This was a real page turner. I’m not sure what it was that got me so gripped – the excellent characters, who were diverse and relatable, or the mystery behind Kirsty, or the guilt and sorrow in Harper’s relationship with Jenna and her death – but whatever it was, I just really enjoyed this book.

I did have a few gripes with Harper, as she did seem a bit naive when it came to Kirsty: I feel my warning bells would have gone off a lot sooner. But Kirsty was a very good manipulator. I also felt Harper didn’t behave great towards her friends, even though I saw where she was coming from with the whole privilege and not coming from money thing. At least she did eventually recognise she was being a bit of an arse.

Despite that, the friendships in the book were really lovely: the opening scene where they’re having their start of term midnight feast was a really excellent display of their relationships. I loved the boarding school setting too: like Harper, I always wanted to go to St Clare’s, twin or no twin, and I’m jealous she got to go!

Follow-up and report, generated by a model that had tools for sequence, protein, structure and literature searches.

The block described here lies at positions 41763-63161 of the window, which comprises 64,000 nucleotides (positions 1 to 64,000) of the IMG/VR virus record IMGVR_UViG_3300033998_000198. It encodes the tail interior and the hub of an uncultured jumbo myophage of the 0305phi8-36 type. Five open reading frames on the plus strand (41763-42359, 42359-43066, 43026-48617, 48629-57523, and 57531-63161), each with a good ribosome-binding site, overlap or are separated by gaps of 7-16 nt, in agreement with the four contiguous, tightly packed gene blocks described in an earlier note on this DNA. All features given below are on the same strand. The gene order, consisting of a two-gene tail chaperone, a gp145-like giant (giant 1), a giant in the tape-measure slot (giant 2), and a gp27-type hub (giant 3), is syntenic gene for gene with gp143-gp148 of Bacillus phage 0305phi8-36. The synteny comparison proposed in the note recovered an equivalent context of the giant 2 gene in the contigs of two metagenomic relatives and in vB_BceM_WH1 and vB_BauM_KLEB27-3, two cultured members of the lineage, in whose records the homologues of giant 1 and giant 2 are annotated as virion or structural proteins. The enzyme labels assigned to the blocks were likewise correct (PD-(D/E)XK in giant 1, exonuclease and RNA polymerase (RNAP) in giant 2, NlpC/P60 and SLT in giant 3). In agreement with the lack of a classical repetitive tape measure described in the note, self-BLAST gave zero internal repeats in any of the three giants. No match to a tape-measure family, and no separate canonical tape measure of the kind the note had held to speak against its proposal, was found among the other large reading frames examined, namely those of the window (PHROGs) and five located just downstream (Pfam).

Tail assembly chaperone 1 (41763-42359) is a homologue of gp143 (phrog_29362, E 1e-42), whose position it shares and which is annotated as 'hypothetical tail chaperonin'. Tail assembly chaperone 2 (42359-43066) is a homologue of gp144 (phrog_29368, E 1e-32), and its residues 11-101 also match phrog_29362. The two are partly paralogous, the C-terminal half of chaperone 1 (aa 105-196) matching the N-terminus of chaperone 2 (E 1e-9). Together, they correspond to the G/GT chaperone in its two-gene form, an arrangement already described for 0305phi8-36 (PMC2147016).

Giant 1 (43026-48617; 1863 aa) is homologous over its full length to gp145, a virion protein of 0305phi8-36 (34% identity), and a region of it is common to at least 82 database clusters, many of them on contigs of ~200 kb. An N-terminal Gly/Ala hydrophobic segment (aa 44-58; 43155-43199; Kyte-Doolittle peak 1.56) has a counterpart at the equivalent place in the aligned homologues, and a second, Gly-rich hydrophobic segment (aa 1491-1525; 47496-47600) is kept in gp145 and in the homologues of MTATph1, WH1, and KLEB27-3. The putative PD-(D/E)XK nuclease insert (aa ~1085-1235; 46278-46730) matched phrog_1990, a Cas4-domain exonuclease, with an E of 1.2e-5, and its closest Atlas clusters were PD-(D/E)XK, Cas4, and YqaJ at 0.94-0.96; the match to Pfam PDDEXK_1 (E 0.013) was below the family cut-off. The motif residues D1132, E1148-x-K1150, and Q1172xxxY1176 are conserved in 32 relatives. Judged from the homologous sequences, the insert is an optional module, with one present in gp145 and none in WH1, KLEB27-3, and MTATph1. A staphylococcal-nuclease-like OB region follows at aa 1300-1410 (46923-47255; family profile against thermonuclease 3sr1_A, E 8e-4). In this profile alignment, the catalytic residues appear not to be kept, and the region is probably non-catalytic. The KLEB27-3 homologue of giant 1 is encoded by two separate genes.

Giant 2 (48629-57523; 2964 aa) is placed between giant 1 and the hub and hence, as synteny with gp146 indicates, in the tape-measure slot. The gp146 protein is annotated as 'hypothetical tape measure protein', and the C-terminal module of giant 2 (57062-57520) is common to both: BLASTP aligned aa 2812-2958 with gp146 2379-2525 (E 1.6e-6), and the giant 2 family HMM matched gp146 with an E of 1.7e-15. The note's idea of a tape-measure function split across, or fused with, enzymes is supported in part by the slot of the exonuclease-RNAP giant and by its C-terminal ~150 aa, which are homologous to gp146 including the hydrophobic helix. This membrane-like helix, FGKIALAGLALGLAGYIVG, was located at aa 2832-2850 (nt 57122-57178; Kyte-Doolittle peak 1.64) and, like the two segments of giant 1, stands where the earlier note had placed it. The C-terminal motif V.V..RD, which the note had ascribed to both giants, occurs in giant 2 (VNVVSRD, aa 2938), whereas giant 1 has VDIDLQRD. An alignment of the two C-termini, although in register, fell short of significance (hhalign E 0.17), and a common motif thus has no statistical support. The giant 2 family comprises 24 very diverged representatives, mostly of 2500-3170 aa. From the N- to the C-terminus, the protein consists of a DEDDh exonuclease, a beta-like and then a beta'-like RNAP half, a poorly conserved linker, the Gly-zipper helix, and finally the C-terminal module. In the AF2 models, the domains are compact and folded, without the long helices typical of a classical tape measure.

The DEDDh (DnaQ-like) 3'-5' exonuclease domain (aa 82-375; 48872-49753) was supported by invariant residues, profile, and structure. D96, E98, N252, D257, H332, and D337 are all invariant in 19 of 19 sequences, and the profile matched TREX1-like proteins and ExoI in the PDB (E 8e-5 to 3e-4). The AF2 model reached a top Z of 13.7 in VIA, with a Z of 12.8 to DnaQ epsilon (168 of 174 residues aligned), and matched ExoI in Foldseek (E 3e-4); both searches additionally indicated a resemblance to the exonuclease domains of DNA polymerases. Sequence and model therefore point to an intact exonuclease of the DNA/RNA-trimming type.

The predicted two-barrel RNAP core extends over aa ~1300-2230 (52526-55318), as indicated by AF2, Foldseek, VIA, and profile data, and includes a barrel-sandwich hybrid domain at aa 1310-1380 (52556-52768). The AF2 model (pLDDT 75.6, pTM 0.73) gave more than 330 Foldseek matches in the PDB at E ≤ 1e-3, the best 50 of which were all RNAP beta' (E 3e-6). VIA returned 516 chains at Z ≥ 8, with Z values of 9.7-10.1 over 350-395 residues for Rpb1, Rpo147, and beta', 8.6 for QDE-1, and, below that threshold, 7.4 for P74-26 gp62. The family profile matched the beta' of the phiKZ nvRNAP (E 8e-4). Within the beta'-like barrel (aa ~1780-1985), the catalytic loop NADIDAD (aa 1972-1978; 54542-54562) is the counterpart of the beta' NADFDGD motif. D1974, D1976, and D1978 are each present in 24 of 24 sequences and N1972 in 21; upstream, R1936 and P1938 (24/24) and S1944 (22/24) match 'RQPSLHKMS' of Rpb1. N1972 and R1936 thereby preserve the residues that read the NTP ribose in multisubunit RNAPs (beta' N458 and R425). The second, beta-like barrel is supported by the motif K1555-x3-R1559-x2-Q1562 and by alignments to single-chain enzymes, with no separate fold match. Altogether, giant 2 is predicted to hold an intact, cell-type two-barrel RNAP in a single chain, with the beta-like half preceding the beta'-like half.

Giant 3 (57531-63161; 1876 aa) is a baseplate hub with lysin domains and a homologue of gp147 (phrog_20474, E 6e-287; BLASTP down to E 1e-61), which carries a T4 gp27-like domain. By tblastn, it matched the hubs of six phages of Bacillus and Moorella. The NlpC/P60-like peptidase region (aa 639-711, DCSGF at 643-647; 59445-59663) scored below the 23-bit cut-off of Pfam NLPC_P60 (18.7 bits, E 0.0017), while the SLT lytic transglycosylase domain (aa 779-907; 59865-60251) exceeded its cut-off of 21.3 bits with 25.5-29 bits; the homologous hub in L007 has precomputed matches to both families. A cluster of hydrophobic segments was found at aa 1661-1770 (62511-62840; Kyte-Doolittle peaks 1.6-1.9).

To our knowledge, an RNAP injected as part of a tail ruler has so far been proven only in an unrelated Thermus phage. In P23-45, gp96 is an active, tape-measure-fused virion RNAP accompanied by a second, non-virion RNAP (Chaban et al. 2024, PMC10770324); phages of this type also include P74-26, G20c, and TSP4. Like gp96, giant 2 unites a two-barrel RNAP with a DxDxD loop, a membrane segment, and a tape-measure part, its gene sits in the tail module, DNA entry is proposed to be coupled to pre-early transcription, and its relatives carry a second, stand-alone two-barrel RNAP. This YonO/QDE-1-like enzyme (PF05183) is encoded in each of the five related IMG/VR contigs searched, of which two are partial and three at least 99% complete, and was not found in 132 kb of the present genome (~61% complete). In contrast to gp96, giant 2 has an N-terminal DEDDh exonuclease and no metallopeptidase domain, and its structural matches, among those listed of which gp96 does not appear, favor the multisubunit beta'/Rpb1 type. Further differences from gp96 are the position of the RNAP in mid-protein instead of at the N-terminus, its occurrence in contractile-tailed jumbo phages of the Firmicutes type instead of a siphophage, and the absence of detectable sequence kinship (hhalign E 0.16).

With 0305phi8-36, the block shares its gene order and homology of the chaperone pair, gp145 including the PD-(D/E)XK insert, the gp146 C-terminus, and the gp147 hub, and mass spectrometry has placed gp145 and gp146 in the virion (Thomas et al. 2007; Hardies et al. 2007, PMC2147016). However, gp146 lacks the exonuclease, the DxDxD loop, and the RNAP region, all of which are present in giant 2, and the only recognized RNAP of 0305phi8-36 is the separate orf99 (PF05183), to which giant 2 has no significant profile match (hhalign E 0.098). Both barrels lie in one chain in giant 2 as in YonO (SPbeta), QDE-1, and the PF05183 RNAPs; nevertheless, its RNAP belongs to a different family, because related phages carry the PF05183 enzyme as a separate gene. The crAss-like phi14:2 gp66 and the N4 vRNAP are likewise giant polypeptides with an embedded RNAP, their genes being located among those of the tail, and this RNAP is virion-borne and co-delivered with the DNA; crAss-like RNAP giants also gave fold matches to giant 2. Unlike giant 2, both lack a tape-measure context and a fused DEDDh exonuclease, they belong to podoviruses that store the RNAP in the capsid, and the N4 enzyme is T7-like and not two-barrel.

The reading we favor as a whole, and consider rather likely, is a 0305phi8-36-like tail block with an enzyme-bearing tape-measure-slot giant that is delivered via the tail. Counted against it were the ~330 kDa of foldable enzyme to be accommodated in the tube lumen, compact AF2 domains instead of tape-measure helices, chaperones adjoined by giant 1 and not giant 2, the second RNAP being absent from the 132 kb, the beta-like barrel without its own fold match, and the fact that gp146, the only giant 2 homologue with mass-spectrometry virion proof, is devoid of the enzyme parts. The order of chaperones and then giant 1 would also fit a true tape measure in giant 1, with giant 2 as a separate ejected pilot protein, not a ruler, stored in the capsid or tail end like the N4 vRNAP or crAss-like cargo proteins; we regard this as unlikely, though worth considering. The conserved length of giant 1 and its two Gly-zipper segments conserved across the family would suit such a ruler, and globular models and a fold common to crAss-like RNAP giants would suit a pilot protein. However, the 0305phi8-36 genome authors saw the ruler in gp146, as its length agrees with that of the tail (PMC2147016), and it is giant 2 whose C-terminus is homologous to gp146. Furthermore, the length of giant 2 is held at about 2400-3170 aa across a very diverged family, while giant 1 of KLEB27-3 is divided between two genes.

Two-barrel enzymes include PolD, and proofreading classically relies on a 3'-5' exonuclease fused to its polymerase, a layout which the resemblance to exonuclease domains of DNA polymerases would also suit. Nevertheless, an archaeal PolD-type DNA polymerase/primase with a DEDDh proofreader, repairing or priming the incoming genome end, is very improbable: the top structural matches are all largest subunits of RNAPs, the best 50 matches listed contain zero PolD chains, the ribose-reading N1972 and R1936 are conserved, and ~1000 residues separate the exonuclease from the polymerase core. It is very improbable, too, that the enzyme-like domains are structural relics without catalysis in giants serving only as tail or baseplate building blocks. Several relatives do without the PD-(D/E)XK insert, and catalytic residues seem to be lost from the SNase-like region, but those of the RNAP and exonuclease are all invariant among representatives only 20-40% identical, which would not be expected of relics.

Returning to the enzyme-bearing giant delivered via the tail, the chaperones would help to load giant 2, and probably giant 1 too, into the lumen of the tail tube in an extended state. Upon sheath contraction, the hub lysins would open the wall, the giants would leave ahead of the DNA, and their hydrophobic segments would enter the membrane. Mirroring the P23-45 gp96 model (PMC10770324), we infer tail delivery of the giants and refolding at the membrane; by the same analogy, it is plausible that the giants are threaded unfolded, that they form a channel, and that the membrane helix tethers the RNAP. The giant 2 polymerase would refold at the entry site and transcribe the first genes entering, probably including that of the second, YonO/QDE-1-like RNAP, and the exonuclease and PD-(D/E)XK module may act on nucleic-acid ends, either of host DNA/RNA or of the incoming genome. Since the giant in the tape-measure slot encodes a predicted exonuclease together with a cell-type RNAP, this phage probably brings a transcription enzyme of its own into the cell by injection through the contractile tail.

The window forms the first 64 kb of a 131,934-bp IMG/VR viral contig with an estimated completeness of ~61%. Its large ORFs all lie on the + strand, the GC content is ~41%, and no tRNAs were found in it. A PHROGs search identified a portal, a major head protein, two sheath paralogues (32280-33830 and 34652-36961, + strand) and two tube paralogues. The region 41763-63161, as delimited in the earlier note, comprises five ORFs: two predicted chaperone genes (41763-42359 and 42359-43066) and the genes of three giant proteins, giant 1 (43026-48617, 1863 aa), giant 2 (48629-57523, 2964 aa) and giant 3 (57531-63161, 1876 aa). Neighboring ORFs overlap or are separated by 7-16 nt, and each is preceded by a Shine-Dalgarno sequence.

The thing I enjoyed most was the ending. The climax was really tense and I had to read it in one sitting as I just needed to know what was going to happen. It surprised me too, in the best of ways. Without saying too much, I’m glad that Kirsty wasn’t just treated as a villain who gets her comeuppance: it was a lot more complicated and heartwarming than that and a real highlight of the book.

This is the first book I’ve read by Cat Clarke but I’ll be sure to check out her other works now. Her characters are rich and complicated and she writes the kind of thing I’d loved to have read as a teen.


April Wrap Up

For half the month I’ve been getting through my backlog of review books, but towards the end of the month, I started going back to birthday and Christmas books. There’s just not enough time to read all I want to!

What I Read

Naondel by Maria Turtschaninoff

Room Empty by Sarah Mussi

Here Be Dragons by Sarah Mussi

Labyrinth by Jim Henson and A. C. H Smith

The Circus by Olivia Levez

If Birds Fly Back by Carlie Sorosiak

Ms Marvel Vol. 2: Generation Why

I Have No Secrets by Penny Joelson

The Opposite of You by Lou Morgan

Girlhood by Cat Clarke

The Sign of One by Eugene Lambert

Waiting for Callback by Perdita and Honour Cargill

Book Post

The book post slowed down a bit this month, giving me a chance to catch up, but I still had a couple of fabulous books come through: